Happy Tuesday! Today we take a look at Bodoni, a Modern serifed typeface. Though Bodoni no longer has the name recognition of Garamond and Helvetica, it gained immediate praise for its designer, helped to define a era and style of type design, and remains popular to this day. Its designer, Giambattista Bodoni, was a type designer, punchcutter, and printer, who took as his starting point the work of John Baskerville. Baskerville’s designs, as compared to his predecessors, displayed a marked contrast between thick and thin strokes. Here’s an example:
Bodoni studied Baskerville’s types, as well as the work of his French contemporaries, Firmin Didot and Pierre Simon Fournier, and began designing a series of faces that started with Baskerville’s increased stroke contrast and a more vertical, slightly condensed, upper case, but took them to a much more extreme conclusion.His designs evolved over his long career, becoming more extreme and stylized as time went on, developing into a typeface of narrower structure with flat, unbracketed serifs, extreme contrast between thick and thin strokes, and an overall geometric construction.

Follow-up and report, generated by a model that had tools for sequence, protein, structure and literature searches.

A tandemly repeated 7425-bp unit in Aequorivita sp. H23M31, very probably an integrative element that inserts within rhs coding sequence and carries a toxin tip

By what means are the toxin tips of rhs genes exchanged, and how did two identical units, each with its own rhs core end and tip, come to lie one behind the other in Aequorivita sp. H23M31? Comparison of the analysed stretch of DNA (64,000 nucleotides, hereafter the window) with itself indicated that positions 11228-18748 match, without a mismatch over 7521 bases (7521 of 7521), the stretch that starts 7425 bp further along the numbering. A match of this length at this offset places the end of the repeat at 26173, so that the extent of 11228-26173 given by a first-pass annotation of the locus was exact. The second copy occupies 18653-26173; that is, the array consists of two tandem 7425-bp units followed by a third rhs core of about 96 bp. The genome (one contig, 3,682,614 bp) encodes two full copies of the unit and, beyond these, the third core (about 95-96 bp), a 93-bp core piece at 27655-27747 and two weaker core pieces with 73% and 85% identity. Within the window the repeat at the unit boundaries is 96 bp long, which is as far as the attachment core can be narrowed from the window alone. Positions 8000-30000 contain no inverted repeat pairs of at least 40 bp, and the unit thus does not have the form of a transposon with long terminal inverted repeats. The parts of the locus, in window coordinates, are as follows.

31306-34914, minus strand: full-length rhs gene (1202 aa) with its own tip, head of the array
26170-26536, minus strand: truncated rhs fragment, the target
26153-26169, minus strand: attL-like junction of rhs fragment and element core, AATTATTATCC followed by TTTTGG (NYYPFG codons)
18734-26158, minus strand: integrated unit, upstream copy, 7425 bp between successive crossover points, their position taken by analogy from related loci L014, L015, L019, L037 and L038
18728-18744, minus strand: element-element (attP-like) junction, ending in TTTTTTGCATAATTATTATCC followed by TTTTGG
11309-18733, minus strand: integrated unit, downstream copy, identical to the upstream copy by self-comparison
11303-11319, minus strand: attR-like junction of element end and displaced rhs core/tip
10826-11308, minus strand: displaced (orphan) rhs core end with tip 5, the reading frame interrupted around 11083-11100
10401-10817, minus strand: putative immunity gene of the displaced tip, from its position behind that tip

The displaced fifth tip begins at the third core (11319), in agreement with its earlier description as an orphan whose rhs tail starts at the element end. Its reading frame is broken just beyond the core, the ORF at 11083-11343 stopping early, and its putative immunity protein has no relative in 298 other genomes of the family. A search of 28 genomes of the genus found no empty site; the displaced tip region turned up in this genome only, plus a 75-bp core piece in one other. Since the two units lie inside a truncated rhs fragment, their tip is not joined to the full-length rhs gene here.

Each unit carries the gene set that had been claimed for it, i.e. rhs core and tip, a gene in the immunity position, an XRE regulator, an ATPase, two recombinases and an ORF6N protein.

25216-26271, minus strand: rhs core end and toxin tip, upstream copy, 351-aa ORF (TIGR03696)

This is the Bodoni that has been has been used for a wide variety of material, ranging from 18th century Italian books to 1960s periodicals.Today they continue to be used in advertising, as well as occasionally for fine book printing. Bodoni’s designs, along with those of his contemporary Didot, became known as the Modern faces.
Join us next week for another exciting excursion into the wild world of type design. Have any stories about your favorite (or least favorite) typeface? Want to give us suggestions or comments? Comment on this post, email us at firstname.lastname@example.org, visit us on Facebook (/centerforbookarts) or follow us on Twitter (@center4bookarts). Can’t wait to see you there!